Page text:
Because they emit nothing we can detect, there are many things about black holes we simply do not know.
Amongst the most perplexing are supermassive black holes, millions to billions of times the mass of our Sun. Since black holes form from the cores of massive dead individual stars, how do supermassive behemoths grow so danged huge? A new discovery could help us find some much-sought answers.
In a tiny dwarf galaxy 110 million light-years away, astronomers have just found one of the smallest supermassive black holes ever seen. The 'monster' at the heart of galaxy Mrk 462 is just 200,000 times the mass of the Sun.
The findings were presented at the virtual 239th meeting of the American Astronomical Society.
"This black hole in Mrk 462 is among the smallest of the supermassive, or monster, black holes," said astronomer Jack Parker of Dartmouth College. "Black holes like this are notoriously hard to find."
Its discovery suggests that supermassive black holes – some of them, at least – grow from stellar-mass seeds less than 100 times the mass of the Sun, rather than forming already large and growing larger.
One of the thorns that has lodged firmly in the side of the stellar-mass model is the discovery of many supermassive black holes in the early Universe. It's hard to reconcile the growth of a tiny seed of a stellar core to a gargantuan supermassive black hole in the short timeframe in which these objects appeared after the Big Bang.
Another possibility is that, in the early Universe, huge, dense clouds of gas and dust directly collapsed down into larger black holes tens of thousands of times the mass of the Sun, creating a larger starting point from which supermassive black holes can grow.
And this gives us a method to tease out the likelihoods of each scenario, because the direct collapse model is a rare process. This means we could expect relatively few dwarf galaxies to contain supermassive black holes, compared to the stellar seed model.
There's a catch, though. It's really hard to see core black holes in dwarf galaxies. In larger galaxies, astronomers can use the orbit of the stars in the center to infer the central black hole, but dwarf galaxies are too small and dim for this.
The other method is to look for extremely bright, high-energy radiation, such as X-rays. This suggests a black hole that is actively accreting material, heating it to such insane temperatures that it blasts out high-energy light.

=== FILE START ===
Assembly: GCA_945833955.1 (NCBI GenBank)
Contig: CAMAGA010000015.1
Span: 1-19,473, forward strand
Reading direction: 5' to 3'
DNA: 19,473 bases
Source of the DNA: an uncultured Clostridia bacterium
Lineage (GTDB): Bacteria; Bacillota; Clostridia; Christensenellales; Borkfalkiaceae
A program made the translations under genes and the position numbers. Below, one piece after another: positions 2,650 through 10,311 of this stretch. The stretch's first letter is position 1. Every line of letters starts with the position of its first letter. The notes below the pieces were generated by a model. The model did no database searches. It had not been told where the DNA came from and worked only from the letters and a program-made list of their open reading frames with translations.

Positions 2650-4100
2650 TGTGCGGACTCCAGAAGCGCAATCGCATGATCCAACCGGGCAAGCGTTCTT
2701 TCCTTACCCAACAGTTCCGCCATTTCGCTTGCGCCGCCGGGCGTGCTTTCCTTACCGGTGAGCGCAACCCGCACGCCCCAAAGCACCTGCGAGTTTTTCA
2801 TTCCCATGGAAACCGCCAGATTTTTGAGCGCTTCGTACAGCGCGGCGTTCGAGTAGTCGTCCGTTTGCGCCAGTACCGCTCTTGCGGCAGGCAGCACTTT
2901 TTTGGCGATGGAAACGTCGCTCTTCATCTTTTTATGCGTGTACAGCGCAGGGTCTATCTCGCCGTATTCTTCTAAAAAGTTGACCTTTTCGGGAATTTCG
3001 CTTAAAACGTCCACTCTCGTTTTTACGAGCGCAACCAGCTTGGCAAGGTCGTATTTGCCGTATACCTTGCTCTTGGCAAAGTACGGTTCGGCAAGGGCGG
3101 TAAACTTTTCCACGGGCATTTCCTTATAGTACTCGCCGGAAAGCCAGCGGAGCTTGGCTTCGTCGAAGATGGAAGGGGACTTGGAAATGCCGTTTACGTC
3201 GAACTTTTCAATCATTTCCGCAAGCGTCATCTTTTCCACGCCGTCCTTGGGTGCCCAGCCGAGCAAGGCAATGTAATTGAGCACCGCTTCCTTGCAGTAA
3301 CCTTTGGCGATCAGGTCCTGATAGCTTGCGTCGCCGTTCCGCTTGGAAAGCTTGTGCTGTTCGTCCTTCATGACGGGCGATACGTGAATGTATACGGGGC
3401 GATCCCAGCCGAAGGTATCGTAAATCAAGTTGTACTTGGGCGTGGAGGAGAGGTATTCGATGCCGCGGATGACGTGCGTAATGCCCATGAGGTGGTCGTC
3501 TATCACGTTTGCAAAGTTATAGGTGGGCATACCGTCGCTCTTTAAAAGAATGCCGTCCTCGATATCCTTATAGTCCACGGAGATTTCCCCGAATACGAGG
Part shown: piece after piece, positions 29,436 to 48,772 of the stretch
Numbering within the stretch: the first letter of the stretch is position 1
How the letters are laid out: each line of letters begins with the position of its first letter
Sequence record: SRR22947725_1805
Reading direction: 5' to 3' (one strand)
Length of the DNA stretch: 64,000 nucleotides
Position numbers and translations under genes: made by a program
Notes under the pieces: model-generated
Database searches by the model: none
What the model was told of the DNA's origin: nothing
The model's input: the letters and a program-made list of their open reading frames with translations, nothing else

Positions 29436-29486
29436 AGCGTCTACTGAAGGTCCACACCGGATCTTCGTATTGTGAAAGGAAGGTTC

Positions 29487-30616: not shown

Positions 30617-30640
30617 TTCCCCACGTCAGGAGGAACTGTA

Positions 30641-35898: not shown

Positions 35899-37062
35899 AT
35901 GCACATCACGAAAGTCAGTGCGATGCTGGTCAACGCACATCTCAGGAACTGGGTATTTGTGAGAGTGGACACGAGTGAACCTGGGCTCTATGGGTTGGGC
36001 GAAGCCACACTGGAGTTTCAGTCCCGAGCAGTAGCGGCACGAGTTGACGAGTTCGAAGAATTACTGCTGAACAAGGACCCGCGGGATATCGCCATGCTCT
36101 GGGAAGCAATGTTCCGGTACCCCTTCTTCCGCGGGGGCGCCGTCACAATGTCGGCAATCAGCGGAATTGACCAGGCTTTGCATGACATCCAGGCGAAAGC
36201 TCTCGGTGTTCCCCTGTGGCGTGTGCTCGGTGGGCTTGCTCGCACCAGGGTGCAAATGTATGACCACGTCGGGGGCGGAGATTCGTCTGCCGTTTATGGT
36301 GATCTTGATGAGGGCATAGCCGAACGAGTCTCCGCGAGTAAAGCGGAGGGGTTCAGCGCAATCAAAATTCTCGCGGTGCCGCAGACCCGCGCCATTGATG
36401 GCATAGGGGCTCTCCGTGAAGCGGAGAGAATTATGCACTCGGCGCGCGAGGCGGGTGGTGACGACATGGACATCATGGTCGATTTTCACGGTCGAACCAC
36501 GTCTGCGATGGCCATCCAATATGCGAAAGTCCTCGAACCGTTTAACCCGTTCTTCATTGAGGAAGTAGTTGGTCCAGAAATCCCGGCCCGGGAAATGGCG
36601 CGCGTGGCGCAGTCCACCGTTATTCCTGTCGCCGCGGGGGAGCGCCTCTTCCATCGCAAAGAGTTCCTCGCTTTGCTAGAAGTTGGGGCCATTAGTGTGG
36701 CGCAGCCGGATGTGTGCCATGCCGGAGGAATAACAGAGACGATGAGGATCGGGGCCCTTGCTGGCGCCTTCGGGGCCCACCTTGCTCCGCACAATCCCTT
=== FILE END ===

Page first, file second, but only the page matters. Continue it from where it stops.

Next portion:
The researchers did exactly this, using the Chandra X-ray observatory to study eight dwarf galaxies that optical data suggested might be harboring an active supermassive black hole. Only Mrk 462 showed the X-ray signature of a feeding supermassive black hole, with a mass around 200,000 times that of the Sun.
But there was something peculiar, too. The ratio of high-energy X-rays to low-energy X-rays suggested that the black hole was heavily obscured, or "buried", by a thick cloud of dust.
This could tip the scales towards the stellar seed scenario.
"Because buried black holes are even harder to detect than exposed ones, finding this example might mean there are a lot more dwarf galaxies out there with similar black holes," said astronomer Ryan Hickox of Dartmouth College.
Recent studies suggest that this might be the case. In the last few years, astronomers have been finding elusive, middleweight black holes in dwarf galaxies and the remnants of dwarf galaxies. These could also support the idea that supermassive black holes might be able to grow rather rapidly from stellar-mass seeds.
As our technology and techniques improve, perhaps we can expect to find more black hole baby chonks that had previously eluded detection.
"We can't make strong conclusions from one example, but this result should encourage much more extensive searches for buried black holes in dwarf galaxies," Parker said. "We're excited about what we might learn."
The research was presented virtually at the 239th meeting of the American Astronomical Society.